skip to main content

Virginia Tech News / Articles / 2015 / 04 

New general education curriculum approved

April 6, 2015

Virginia Tech approved a new general education curriculum, Pathways to General Education, that will replace the current Curriculum for Liberal Education. The curriculum passed University Council Monday afternoon.

The new plan offers students three options to fulfill their general education requirements:

  • A distributed model in which students choose approved courses from each learning outcome. This option is most similar to the current Curriculum for Liberal Education.
  • A Pathways Minor, which are interdisciplinary, such as sustainability and innovation, designed to fulfill multiple learning outcome requirements.
  • An Alternate Pathway, which is individualized by the student with oversight from a faculty advisor and may include experiences such as education abroad, undergraduate research, service learning, internships, co-curricular experiences, and more.

“It is our responsibility to give students the skills to succeed in a diverse and complex world,” said President Timothy D. Sands. “The Pathways General Education curriculum empowers students to choose a pathway that aligns with their goals and interests while meeting the needs of employers that are looking for graduates who can think critically, communicate clearly, and solve complex problems. Integration of ethical reasoning and intercultural and global awareness across the curriculum is in alignment with the university’s InclusiveVT efforts.”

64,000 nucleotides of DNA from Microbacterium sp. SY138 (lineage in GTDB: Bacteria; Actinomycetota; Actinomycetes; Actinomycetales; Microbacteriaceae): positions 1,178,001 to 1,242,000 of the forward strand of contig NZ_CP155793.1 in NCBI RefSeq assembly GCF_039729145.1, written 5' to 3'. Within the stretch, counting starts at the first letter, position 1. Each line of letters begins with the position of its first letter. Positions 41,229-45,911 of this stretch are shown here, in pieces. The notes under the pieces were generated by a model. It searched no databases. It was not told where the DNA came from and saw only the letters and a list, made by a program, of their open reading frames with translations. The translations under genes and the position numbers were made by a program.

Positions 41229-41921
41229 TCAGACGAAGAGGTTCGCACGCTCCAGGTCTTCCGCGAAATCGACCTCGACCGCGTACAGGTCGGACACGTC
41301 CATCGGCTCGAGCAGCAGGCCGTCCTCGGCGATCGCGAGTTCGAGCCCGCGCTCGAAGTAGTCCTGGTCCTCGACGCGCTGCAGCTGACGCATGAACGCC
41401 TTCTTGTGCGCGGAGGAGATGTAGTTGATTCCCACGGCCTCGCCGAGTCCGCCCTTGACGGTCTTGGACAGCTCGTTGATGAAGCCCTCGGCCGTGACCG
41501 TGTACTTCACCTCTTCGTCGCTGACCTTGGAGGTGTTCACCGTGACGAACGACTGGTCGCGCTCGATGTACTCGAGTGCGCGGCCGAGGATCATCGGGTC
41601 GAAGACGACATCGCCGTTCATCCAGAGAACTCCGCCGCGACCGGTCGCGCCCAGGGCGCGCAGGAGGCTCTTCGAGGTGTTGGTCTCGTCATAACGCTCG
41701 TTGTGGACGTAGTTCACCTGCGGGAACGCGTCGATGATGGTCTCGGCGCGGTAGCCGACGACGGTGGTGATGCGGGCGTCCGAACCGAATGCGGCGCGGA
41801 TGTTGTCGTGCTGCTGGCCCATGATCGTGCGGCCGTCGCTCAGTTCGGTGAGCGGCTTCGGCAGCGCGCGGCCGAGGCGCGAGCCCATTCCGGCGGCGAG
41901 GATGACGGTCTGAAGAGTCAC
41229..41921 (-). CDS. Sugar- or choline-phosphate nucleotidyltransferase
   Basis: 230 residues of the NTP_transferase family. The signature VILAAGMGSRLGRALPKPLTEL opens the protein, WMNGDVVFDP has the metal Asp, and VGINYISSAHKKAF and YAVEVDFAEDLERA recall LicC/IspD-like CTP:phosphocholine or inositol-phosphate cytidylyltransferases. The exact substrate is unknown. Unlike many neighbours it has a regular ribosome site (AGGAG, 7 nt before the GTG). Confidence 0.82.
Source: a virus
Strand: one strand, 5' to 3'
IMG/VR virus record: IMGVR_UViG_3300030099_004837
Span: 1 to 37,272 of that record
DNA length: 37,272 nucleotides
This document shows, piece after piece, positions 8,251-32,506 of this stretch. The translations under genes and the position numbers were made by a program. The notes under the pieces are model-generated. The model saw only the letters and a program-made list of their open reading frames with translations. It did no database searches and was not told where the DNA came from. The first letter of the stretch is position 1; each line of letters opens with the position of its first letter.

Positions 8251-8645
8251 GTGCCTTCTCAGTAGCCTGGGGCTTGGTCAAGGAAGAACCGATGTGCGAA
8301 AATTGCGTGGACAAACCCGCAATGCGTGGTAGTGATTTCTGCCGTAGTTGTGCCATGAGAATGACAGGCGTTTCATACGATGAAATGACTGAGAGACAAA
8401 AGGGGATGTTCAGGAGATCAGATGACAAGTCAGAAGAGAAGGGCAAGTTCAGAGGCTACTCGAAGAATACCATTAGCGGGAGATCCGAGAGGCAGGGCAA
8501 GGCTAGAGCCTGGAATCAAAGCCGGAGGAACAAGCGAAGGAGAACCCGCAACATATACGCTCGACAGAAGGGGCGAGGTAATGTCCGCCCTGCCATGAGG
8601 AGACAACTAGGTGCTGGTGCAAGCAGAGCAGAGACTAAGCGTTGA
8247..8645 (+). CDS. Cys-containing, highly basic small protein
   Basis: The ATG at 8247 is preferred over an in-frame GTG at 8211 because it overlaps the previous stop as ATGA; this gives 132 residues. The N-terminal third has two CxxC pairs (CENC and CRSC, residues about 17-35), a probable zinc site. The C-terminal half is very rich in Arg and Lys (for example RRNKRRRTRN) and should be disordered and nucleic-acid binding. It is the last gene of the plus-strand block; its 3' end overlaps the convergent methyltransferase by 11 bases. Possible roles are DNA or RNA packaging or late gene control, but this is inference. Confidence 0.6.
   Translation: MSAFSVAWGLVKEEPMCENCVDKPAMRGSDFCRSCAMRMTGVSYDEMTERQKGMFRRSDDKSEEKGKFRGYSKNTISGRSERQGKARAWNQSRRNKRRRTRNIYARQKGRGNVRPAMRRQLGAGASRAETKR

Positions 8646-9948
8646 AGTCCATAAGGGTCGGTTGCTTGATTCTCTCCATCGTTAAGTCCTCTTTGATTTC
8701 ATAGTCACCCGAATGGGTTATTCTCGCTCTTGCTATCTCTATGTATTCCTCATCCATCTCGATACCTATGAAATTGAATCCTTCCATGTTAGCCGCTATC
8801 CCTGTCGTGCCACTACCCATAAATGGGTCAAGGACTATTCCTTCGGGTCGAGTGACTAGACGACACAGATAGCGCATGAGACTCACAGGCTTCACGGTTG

Over the past two years, the campus community participated in the curricular development process in a variety of ways. Faculty teams — which included 50 members from 32 departments representing all colleges with undergraduate programs — created the new learning outcomes for this curriculum.

“We sought out faculty members from a variety of disciplines to play an active role in the development of the curriculum, particularly those who have been recognized by faculty peers and students for excellence in teaching such as Academy of Teaching Excellence members and Diggs Teaching Scholars,” said Provost Mark G. McNamee. “The teams developed goals so that students would best understand what they are gaining from the general education curriculum.”

In addition, the general education leadership team held more than 130 meetings with colleges, departments, curriculum committees, Faculty Senate, and individual faculty members to gather input. An open house was held in April 2014 to solicit campuswide feedback.

“I have watched the individual members of the University Curriculum Committee for Liberal Education and the general education leadership team work tirelessly for years to meet with departments, colleges, the Faculty Senate, and individual faculty to develop the best possible revision to our core curriculum with the most input from experts across the university,” said Sarah Karpanty, associate professor, assistant department head, and graduate program coordinator in the Department of Fish and Wildlife Conservation and past faculty senate president. “Now, the hard work starts anew as we begin to revise and deliver individual and linked courses and pathways minors under this new model.”